One of the things I’ll need to do in the next year or two is replace the windows on my brand-spanking (to me) house, which is a few hundred bucks a pop. At eight windows, that’s a lot of hundred bucks. So when I read about Sandra Block’s (personal finance writer for USA Today) article about the new energy bill and how it affects me, I smiled (only a little). She explains how the new energy bill gives [small] tax breaks for “energy-saving home improvements!” Specifically, you get a tax credit of 10% of the cost of the improvement (lifetime cap of $500), so this could come in handy. The article also has energy saving tips (many are common sense) that might come in handy.
The new energy bill gives a tax credit which goes straight to your pocket, as opposed to a deduction which just reduces your taxable income. So if you get a $100 deduction, you only get back a fraction of that depending on what your tax bracket is. If you get a $100 tax credit, you get a newly minted Ben Frankling (well, a check, but you get the idea).
You must make the improvement between 12/31/2005 and 1/1/2008 and here are valid upgrades:
- Insulation that reduces loss of heat or AC.
- New exterior windows (capped at $200, boo!)
- “Highly efficient” central AC, heat pump, or water heater (capped at $300)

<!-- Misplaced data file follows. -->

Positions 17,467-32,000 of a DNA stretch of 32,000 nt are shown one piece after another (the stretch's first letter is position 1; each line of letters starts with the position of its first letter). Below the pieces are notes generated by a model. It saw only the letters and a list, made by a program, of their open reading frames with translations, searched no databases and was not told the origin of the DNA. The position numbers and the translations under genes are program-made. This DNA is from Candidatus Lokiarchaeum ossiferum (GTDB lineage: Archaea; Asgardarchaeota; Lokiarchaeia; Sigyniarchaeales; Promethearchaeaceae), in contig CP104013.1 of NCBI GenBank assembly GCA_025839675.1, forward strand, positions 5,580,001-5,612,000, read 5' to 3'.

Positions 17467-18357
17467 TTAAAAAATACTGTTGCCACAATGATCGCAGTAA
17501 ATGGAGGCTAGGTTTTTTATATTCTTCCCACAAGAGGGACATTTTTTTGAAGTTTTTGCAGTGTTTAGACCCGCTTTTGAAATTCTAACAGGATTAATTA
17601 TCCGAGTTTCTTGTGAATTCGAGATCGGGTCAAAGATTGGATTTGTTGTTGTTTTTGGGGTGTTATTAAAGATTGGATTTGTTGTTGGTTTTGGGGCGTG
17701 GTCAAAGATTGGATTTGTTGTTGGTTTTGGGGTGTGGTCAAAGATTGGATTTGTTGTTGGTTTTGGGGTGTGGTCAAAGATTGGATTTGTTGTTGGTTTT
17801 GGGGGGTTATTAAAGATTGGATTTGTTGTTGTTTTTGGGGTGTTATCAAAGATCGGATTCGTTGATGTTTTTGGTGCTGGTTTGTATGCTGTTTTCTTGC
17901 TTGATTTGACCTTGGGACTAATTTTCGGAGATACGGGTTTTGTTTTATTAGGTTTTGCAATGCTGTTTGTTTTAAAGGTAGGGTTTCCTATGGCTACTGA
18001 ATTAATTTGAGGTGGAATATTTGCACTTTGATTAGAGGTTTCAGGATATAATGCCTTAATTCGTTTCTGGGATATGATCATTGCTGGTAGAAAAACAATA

- “Highly efficient” furnace or boiler (capped at $150)
- Solar-powered hot-water systems: You can get credit for 20% of the cost (capped at $2,000)
She also mentions getting your home “energy rated” which is something I’d never heard of before – reputable ones (i.e. certified) are on this list and they run up to $450!
Here are their energy saving tips:
- Replace higher wattage bulbs with lower bulbs: I have a lot of fixtures with multiple bulbs, I just twist off a few of them because usually they’re too bright anyway with them all on.
- Use ceiling fans
- Clean/replace AC filters monthly: I didn’t realize you had to do it this often, but when I checked my filter was all clogged up. They only run a little more than a dollar a piece but I might go with a cleanable one in the future.
- Install programmable thermostat: Having one of these is awesome because I never liked the idea of running the AC or heat when no one was going to be home all day, it feels like a huge waste.
- Close and open blinds/shades based on the season (open for winter, closed for summer)
- Caulk and weather-strip doors: This is huge, I could hear air coming in and out of windows and doors before I caulked them this past weekend. Plus, this prevents bugs from crawling into your house too.
- Use sleep features on computers or leave them off.